Read our COVID-19 research and news.

The Massachusetts Institute of Technologydesigned airplane’s flight is a landmark moment for electroaerodynamic propulsion.


Airplane with no moving parts takes flight

When Wilbur and Orville Wright’s famous airplane, the Wright Flyer, first flew in 1903 it must have made quite a racket, with its crude gasoline engine spinning twin propellers via drive chains. Nearly 115 years later, another type of plane has taken flight as quiet as a ghost, without a single moving part. The new type of aircraft could usher in silent drones and perhaps far simpler planes—if researchers can overcome the daunting task of scaling up the technology.

Instead of relying on a propeller or a jet engine, the plane, about the size of a single-person kayak, pushes itself through the air using electroaerodynamics (EAD). This form of propulsion uses electric effects to send air backward, giving the plane an equal push forward.

Aeronautical engineers have long theorized that planes could be powered by EAD, says Steven Barrett, an aeronautical engineer at the Massachusetts Institute of Technology (MIT) in Cambridge. But no one had ever constructed an EAD plane capable of lifting its own weight. When Barrett and colleagues finally succeeded, they stood in awed silence, he says. "It had taken about 7 years of work just to get off the ground.”

In an EAD propulsion system, a strong electric field generates a wind of fast-moving charged particles called ions, which smack into neutral air molecules and push them behind the plane, giving the aircraft a push forward. The technology—also called ion drive, ion wind, or ion propulsion—has already been developed for use in outer space by NASA, and is now deployed on some satellites and spacecraft. Because space is a vacuum, these systems bring along a fluid, like xenon, to ionize, whereas Barrett’s aircraft is designed to ionize nitrogen molecules in the ambient air.

It’s far easier to deploy ion drive in space than in the atmosphere, however. Gravity guides a satellite around the planet, with ion drive applying small course corrections. In contrast, a plane must produce enough thrust to keep itself aloft and to overcome the constant drag of air resistance.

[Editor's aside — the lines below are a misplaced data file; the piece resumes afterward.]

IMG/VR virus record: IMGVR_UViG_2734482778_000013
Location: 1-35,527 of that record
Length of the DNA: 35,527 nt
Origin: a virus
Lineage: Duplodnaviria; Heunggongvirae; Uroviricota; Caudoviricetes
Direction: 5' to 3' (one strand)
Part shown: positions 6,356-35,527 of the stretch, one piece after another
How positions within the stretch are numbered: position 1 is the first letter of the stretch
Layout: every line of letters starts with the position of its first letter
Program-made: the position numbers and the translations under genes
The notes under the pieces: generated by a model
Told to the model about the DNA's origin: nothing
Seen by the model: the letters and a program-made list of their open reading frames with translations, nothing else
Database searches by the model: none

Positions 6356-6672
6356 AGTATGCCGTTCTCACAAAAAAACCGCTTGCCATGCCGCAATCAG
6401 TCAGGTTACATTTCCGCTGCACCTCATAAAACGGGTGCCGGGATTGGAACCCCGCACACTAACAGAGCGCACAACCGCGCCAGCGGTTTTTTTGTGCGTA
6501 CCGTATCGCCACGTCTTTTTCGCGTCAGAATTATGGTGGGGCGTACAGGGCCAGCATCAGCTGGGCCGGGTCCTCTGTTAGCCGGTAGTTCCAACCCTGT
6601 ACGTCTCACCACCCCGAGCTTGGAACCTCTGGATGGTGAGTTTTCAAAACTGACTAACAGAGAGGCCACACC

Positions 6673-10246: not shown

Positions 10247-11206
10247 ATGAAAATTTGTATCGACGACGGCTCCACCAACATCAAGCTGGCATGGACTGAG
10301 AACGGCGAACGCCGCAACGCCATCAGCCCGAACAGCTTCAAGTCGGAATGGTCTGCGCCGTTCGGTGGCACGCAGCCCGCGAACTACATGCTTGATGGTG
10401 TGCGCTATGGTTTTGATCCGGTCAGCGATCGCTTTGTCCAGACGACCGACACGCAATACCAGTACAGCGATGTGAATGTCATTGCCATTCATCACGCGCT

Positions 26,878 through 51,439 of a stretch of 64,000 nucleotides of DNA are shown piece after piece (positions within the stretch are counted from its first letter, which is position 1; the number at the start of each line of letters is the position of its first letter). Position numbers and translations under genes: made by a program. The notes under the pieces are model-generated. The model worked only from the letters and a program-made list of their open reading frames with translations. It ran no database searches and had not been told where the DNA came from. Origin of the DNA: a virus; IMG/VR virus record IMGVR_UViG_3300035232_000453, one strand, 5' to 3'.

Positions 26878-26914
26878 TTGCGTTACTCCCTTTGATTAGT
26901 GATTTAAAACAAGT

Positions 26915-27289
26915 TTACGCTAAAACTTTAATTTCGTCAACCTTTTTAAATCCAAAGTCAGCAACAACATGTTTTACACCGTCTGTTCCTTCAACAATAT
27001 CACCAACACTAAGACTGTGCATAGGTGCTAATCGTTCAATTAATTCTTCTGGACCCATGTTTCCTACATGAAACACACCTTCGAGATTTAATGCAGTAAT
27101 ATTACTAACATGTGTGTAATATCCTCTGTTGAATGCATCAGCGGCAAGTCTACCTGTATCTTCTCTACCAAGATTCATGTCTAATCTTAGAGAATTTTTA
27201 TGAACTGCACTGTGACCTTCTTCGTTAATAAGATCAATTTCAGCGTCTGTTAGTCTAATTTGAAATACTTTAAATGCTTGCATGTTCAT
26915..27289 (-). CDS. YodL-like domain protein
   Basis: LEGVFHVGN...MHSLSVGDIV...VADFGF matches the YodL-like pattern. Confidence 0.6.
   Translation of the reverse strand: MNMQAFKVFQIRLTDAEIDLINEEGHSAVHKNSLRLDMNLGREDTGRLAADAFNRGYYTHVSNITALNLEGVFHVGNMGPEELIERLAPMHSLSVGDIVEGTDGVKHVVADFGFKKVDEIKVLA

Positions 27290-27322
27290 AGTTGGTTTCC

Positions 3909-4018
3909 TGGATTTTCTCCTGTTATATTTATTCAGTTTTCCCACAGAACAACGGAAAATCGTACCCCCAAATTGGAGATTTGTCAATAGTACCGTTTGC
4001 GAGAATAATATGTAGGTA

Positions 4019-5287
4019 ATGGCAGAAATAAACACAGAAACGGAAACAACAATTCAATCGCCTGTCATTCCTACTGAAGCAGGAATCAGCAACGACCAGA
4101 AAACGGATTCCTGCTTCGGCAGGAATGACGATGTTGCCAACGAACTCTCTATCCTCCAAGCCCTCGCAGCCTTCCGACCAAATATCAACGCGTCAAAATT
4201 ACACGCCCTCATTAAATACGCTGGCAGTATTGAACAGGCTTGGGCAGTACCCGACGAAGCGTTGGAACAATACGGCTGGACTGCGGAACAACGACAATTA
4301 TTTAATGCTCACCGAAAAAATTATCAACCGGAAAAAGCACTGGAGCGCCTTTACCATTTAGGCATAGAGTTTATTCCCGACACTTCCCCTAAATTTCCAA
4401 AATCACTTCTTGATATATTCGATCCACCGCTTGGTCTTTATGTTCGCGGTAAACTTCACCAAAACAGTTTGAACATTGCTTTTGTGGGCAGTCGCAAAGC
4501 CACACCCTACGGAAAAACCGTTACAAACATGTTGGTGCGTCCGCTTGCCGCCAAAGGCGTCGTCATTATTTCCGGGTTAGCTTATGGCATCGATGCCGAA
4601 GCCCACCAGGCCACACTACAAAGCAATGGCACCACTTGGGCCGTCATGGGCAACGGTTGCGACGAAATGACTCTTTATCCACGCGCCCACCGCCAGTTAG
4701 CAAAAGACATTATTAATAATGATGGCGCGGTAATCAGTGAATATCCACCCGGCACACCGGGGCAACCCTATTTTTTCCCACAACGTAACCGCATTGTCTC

After running multiple computer simulations, Barrett’s team settled on a design for a plane with a 5-meter wingspan and a mass of 2.45 kilograms, about the weight of a chicken. To generate the needed electric field, sets of electrodes resembling Venetian blinds run under the plane’s wings, each consisting of a positively charge stainless steel wire a few centimeters in front of a highly negatively charged slice of foam covered in aluminum. The plane also carries a custom battery stack and a converter to ramp the voltage from the batteries from about 200 volts to 40 kilovolts. Although the highly charged electrodes were exposed on the plane’s frames, they could be turned on and off by remote control to avoid safety risks.

The team tested the airplane inside a gymnasium at MIT, working at odd hours to avoid running into sports teams. “There were some pretty epic crashes,” Barrett says. Eventually, the team devised a slingshotlike apparatus to help launch the aircraft. After hundreds of failed attempts, the aircraft was finally able to propel itself enough to remain airborne. Over 10 test flights, the plane flew up to 60 meters, a little farther than the Wright brothers’ first flight, in about 10 seconds, with an average altitude of half a meter, the researchers report this week in Nature.

“This is a great first step,” says Daniel Drew, an electrical engineer at the University of California, Berkeley, who is working on EAD microrobots and was not involved with the study. However, he cautions “if they try to go much bigger with the plane size, they’re going to run into a lot of issues.” The basic problem comes down to scaling, Drew says. As the size of the plane increases, its weight will grow faster than the area of its wings. So to stay aloft, a bigger plane must produce much more thrust per unit of wing area, he explains, something that “would be extremely difficult to achieve from a physics standpoint.”

Barrett isn’t ready to rule out the possibility of one day transporting humans. “We’re still a long way off obviously, and there’s a lot of things we need to improve to get there,” he says, “but I don’t think there’s anything that makes it fundamentally impossible.” Thrust could be improved by making the power converter system and the batteries more efficient, testing different strategies for creating ions, or integrating the thrusters into the plane’s frame to reduce drag, he says. Franck Plouraboué, a fluid mechanics researcher at France’s national research agency CNRS and the University of Toulouse, says one way to power EAD aircraft could be through ultralight solar panels attached to the top of the plane.

Drew thinks we’re more likely to one day see a swarm of smaller EAD aircraft. In that context, Barrett thinks the biggest advantage of EAD aircraft will be the lack of noise. “If we want to use drones all around our cities for delivering things and monitoring air quality, all that buzzing and noise pollution would get quite annoying.”